Incoming grouse. How to shoot grouse well involves exacting preparation.

Incoming grouse. How to shoot grouse well involves exacting preparation.

It will also reveal whether or not your gun fits properly. It’s possible to get away with a poorly fitted gun shooting pheasants and partridges but when the gun is parallel with the ground your head must be snug with the stock and your eye properly aligned. Also, a good instructor will show you how to use double guns properly, which is an art form (and you will need double guns on anything other than a small day, to maximise the chances of making a bag as the grouse sweep through).


  • In terms of equipment and clothing, wear the same as for a normal day’s shooting but lose the bright shirt and tie and go dark green or brown unless you want to be kind to your neighbours in the line.
  • Regulars on the hill tend to wear boots for ankle support.
  • A stick is a good idea for your walk across the heather, and a hill bag should contain the all-important safety glasses, ear defenders, midge repellent, some kind of marker to record where fallen birds are, maybe a bottle of water and a dog lead if appropriate.
  • Do put your dog on a lead; a dog running around the moor during a grouse drive is a bad idea.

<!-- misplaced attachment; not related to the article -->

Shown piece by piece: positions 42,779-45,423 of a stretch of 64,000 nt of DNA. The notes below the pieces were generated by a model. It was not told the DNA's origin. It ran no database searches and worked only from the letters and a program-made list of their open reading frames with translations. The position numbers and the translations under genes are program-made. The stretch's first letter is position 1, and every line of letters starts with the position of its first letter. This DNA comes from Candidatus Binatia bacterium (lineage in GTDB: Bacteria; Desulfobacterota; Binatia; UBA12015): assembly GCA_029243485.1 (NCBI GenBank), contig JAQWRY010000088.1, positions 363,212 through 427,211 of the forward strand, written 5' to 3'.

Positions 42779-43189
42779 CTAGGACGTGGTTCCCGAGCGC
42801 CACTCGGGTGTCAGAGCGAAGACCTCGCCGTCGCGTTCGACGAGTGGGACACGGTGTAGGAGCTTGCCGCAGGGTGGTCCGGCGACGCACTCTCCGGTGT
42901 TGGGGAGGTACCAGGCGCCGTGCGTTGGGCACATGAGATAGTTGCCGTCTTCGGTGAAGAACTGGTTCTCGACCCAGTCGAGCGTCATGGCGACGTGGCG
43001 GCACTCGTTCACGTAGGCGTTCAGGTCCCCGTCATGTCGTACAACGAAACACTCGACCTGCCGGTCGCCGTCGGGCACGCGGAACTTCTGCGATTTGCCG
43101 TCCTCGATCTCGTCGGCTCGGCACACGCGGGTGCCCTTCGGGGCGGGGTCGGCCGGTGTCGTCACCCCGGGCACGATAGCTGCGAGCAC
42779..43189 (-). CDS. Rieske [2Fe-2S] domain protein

• A range finder is useful – great for getting a feel for your distances, especially out in front of the butt and for distancing flankers.


Being a safe shot is crucial on the moor. Tarquin Millington-Drake examines how to shoot grouse safely and the three big errors he has seen on the moor.


The time has come; you have arrived at your first butt, a magical sporting moment that carries much anticipation. Try to take a little time to look around you. Look at the ground in front and behind. Do not be shy in asking the advice of your loader, especially if he’s a local man. You will always learn something and there’s a very high chance that he’s been in that exact butt a score of times and will have a good idea of what line the birds will take. Also, two pairs of eyes are invaluable so ask him to alert you to any approaching birds. Will the birds coming towards and going away from you be rising or dropping? These details are useful in the heat of battle. Try to choose mental markers (or actual ones if you have a range finder); pick a rock or piece of heather where you should be lifting your gun to oncoming birds. Talk to your loader about it, as the chances are he knows how the birds will come and therefore what feature makes a good marker.